December 20th, I was in the Phoenix airport waiting on a flight home to Omaha, when I came across an article announcing the murder of a homeless couple in San Francisco’s Mission District. They were shot and killed near an encampment on the corner of 16th and Shotwell streets. The victims, the paper said, were twenty-seven-year-old Lindsay McCollum and fifty-one-year-old Eddie Tate. I recognized Tate’s name. I had met him while photographing inmates at “Old Bruno,” the oldest of San Francisco’s jail faculties. The jail closed in August of 2006 in part because Tate and six other prisoners filed a lawsuit charging overcrowding and a physical structure showing all of its 70 years, a place not fit to live or work in.
I saw Eddie once more in 2011 when he was locked up in the new SF jail in San Bruno and this time recorded a few of the stories he told me.
A slightly built man with only a trace of an accent, he told me of his life growing up in rural Tennessee: “I was one of them that … lived so far up in the hills of Tennessee that I hardly ever got to go to school, and then when I went to school I was such a pain and everything that I’d make a straight F and they would pass me just to get rid of me. What education I got, I got through the prison system.” Tate moved to San Francisco after the 1989 earthquake, and since that time has gone by the nickname Tennessee. When I met him at Old Bruno, he was using the time in jail to get his high school diploma. Tate had been clean for sixteen months, for the first time in as long as he could remember. He was a hyperactive infant and his dad put alcohol in his bottle to “knock me out, to get me to go to sleep… and I’ve been on some substance or another my entire life.”
As for doing time, Eddie summed up his strategy by saying: “I have to be crazy to live the life that I live. I don’t want no misunderstanding, if you push I will get real crazy on you.” Speaking of the 51-50 (police code for a “danger to self or others”) tattoo on his shoulders: “… so my part of the 51-50 is the ‘or others.’” But Eddie Tate was tired of doing time, he was finished with the drugs and the coming to jail. I did not see him again for several years.
Between 2011 and 2016 I would see Tate now and again while photographing on the streets. Our conversations were never long, but he seemed to have been good to his word and settled into a life outside of incarceration.
In the run up to the February 2016 Super Bowl the City had forced the homeless people encamped in the city’s tourist areas to move to less visible areas. Division Street, a long east-west street of small and medium businesses, became the go-to area, and it was on the corner of Harrison and Division Streets that I saw Eddie again. It had been a couple of years since I had seen him and he was living in a large wooden box with four wheels surrounded by an amazing amount of things, tools, bikes, parts and items of indeterminate use at that moment.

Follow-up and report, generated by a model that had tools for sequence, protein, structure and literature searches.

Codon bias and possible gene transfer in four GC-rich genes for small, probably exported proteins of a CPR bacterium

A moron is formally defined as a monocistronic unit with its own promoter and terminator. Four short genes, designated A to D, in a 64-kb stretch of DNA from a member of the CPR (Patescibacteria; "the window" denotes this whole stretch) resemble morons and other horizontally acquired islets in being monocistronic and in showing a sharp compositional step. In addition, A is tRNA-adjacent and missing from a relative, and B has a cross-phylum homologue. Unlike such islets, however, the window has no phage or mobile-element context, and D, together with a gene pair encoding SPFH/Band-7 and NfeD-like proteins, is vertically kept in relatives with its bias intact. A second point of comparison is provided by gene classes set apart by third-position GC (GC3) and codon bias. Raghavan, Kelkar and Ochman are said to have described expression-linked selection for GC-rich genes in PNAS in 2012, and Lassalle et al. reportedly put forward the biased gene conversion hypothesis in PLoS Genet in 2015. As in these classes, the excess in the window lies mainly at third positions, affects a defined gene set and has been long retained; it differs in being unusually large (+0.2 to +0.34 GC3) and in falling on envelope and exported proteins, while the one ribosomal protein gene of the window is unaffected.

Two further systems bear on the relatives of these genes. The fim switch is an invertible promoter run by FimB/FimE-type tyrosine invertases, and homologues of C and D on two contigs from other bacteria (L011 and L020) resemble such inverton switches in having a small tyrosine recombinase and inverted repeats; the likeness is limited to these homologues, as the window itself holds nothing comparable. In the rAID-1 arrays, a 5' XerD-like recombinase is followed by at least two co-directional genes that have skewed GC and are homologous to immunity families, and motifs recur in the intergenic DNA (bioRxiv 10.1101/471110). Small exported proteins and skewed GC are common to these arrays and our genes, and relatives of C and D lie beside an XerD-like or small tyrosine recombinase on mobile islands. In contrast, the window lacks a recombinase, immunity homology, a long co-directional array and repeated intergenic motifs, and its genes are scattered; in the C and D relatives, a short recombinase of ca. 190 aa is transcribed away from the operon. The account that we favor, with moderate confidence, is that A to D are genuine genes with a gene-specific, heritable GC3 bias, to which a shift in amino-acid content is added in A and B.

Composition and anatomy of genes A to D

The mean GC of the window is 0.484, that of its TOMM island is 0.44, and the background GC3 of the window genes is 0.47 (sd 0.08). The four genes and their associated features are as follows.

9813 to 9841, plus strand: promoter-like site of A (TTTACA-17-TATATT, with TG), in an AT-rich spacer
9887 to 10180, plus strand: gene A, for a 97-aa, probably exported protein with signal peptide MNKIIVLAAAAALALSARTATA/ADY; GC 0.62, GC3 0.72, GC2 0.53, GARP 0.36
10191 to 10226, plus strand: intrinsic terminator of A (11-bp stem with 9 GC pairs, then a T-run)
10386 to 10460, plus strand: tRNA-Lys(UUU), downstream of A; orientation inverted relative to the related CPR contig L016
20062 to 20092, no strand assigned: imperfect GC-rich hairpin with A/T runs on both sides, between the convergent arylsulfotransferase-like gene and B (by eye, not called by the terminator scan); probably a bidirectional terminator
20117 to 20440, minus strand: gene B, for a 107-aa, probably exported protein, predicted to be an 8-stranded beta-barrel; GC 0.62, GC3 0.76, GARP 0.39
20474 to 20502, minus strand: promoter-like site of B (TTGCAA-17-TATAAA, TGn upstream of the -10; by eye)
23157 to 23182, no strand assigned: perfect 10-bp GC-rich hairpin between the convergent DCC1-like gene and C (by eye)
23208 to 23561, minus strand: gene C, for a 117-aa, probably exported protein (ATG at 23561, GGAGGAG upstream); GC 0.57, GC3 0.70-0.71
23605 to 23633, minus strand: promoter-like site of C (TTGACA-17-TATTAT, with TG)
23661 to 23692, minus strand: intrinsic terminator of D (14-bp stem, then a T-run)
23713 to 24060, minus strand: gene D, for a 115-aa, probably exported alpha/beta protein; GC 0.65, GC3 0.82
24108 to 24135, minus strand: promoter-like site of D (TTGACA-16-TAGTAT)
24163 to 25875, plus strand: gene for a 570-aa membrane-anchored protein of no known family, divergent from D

Eddie Tate could fix most things. He had tools and parts and was generous with his time and skills. Tate got by working on bikes, and was proud of the possessions he had acquired, including the wide-screen television on which he played video games.
He was prouder still that he had stayed out of jail for four years—no small accomplishment for a homeless man with his rap sheet.
For most of February, I would stop by to chat. Then, in March, the City moved to clear the Division Street encampments. Tate was one of the last to move, and I lost track of him until October 2016 when we ran into one another, ironically at Division St and Harrison. Without being specific he told me things were looking up. He had just scored some new clothes: a few pairs of pants, a shirt and underwear. I gave him a couple of pairs of socks and asked where he was living. He said that a number of people were living over by the cut-price food outlet about 5 blocks away on 14th and Shotwell. I told him I’d come visit. Somehow I never did.
By December 20th when I read of the murder of Eddie Tate and his partner, he had moved at least once more to 16th Street and Shotwell were they were shot to death at around 8:45 pm on the 19th of December 2016. Eddie Tate was 51 years old. Lindsay McCollum was 27.
Looking through the images of Eddie on the street, I am reminded that he once told me, “I get along with everybody. I’m hyperactive so I’m always a worker somewhere.” As of now, no motive or suspects have been arrested.
They are hardly unique in their deaths of the homeless on San Francisco streets but I “knew” Eddie Tate a little and will miss him just as those that knew Lindsay McCollum will miss her.
This article was first published online at www.harpersbazaar.com. All images courtesy of Robert Gumpert.